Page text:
Canine distemper is a highly contagious and often fatal viral disease. The virus is spread in the air and via direct contact through respiratory secretions of an infected dog or wild animal. Distemper primarily affects puppies and younger dogs, but can infect and be potentially fatal in dogs of any age. The disease attacks primarily the respiratory, gastrointestinal, and nervous systems (brain and spinal cord) but can affect every organ system of the body. It may cause vomiting, diarrhea, pneumonia, and severe brain damage. Canine distemper is so widespread that nearly every dog is exposed during its lifetime. Canine distemper’s high fatality rate makes vaccination essential.
Distemper is spread through contact with bodily secretions (eg, nasal discharge), but is most commonly spread through airborne transmission (eg, sneezing and coughing). Clinical signs: Fever, Nasal discharge, Coughing, Vomiting, Diarrhea.
What dogs are at risk?
All dogs are at risk but puppies younger than four months old and dogs that have not been vaccinated against canine distemper are at increased risk of acquiring the disease.
Symptoms of Canine Distemper:
Canine Distemper usually starts with several common signs of respiratory illness, including fever, cough, and eye and nasal discharge. Other, symptoms include:
#Gastrointestinal (GI) signs such as vomiting, diarrhea, lack of appetite, dehydration and weight loss. These signs are typically seen shortly after the onset of the respiratory illness.
#Neurological signs such as tremors of the head, neck and/or one or more legs (most often seen when a dog is asleep), stumbling, seizures and/or paralysis. These signs can accompany the respiratory and GI problems but usually occur one to three weeks after recovery from these signs.
#Physical changes such as overgrowth of the foot pads can also occur. Teeth abnormalities can be seen in dogs that recover from the disease
Canine Adenovirus Type 2 (CAV-2)
Canine adenovirus type 2 causes respiratory disease in dogs and is one of the infectious agents commonly associated with canine infectious tracheobronchitis, which is also known as “kennel cough”. Canine infectious tracheobronchitis is usually spread through coughing. Dogs that are around other dogs, such as at boarding facilities and dog parks, are at increased risk for infection.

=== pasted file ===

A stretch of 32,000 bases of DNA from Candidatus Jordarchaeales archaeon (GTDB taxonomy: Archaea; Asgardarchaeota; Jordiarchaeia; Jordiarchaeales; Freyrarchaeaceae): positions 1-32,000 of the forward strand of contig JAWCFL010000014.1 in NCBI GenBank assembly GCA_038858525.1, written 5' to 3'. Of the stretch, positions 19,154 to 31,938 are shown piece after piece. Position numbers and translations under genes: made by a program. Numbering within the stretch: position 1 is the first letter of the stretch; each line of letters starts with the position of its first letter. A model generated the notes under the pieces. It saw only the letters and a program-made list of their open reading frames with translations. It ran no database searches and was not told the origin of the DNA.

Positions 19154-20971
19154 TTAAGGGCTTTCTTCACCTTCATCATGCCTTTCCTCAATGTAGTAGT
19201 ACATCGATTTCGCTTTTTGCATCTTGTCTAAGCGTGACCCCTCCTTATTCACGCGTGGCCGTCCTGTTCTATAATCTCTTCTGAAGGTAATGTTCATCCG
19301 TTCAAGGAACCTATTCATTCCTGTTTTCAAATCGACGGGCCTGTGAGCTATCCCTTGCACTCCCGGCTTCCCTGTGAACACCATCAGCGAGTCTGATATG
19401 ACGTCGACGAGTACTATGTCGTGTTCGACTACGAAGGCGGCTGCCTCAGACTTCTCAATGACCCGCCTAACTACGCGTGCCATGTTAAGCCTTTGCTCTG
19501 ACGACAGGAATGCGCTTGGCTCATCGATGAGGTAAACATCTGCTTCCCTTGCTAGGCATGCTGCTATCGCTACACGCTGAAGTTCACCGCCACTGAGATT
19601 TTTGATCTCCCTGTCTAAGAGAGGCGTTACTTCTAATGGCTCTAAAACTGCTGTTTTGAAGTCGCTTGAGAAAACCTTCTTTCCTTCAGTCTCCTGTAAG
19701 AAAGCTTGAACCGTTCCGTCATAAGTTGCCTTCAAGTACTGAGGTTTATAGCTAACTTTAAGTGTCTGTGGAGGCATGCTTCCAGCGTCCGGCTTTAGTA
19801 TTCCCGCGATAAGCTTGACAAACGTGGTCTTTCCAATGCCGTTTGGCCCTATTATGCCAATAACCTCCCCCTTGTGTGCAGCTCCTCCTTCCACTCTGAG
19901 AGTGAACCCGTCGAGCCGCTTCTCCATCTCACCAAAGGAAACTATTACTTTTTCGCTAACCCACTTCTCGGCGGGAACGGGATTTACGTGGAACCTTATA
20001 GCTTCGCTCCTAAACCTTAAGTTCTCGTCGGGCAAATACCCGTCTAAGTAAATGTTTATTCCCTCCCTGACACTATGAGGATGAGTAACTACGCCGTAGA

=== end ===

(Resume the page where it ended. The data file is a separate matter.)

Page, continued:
Along with parainfluenza, canine adenovirus type 2 (CAV-2) is one of the reasons dogs get Kennel Cough. Coughing and gagging accompanied by a fever, runny nose, or red, watery eyes are the most common symptoms.
After CAV-2 has been transmitted to a dog, the incubation (development) period of the disease is approximately 3 to 10 days. The infection in some cases, can lead to pneumonia.
#Dogs that come from shelters, rescue centers, breeding kennels, or pet stores
#Boarding at a kennel or doggie daycare
#Visiting groomers, dog parks, or engaging with other dogs on a daily basis
#Dogs that live in multi-pet homes
Transmission of Canine Adenovirus
Spread directly from dog to dog through infected respiratory secretions (coughing/sneezing) or by contact with contaminated feces or urine.
Signs and Identification
Common signs of CAV-2 infection include:
#A dry, hacking cough
#Retching and gagging
#Coughing up a white, foamy discharge
#conjunctivitis (inflammation of the inner eyelids and tissues around the eyes)
Canine parainfluenza virus is one of the most common causes of infectious tracheobronchitis, also called “kennel cough”, an infection of the windpipe (trachea) and its lower branches (the bronchi). Kennel cough is characterized by a dry, persistent cough which can last for weeks to several months even with treatment. The disease is extremely contagious from dog to dog. It can lead to pneumonia and death.
What causes canine parainfluenza infection?
Canine parainfluenza is a viral condition that is transmitted through a variety of means, including contact with affected dogs and the bowls, bedding and kennels that they use, and by means of the airborne particles from coughing and sneezing.
After infection and potential recovery, dogs can continue to pass on the virus responsible for the condition for up to two weeks.
What type of situation may place dogs at risk of developing the virus?
Any situation that places dogs in close quarters with other dogs can cause the condition to spread, so contact with other dogs in dog parks and out walking may potentially place your dog at risk.
However, the disease is most prevalent and most widely spread between dogs living together in close quarters; environments such as boarding kennels, race kennels, rehoming shelters and pet daycare centres. Other situations such as shows and competitions, and even visits to a canine grooming parlour can also place healthy dogs at risk for developing the condition if the virus is present.
The symptoms of canine parainfluenza
Dogs may exhibit a range of symptoms when affected by the virus, so dog owners should be on the lookout for any combination of the signs outlined below:
#A persistent dry, hacking cough that may become worse after exertion
#Fever and high temperature
#A runny nose or nasal discharge
#Eye inflammation or weeping eyes, possibly accompanied by conjunctivitis
#Depression, lethargy and loss of appetite
1. Collect dog’s ocular and nasopharyngeal secretions with the swab stick. Make the swab wet sufficiently.
2. Insert the wet swab into the provided assay buffer tube. Agitate it to assure good sample extraction.
3. Take out the cassette from the foil pouch and place it horizontally.
4. Gradually drip 2-3 drops of sample extraction into the sample hole “S”.
Interpret the result in 5-10 minutes.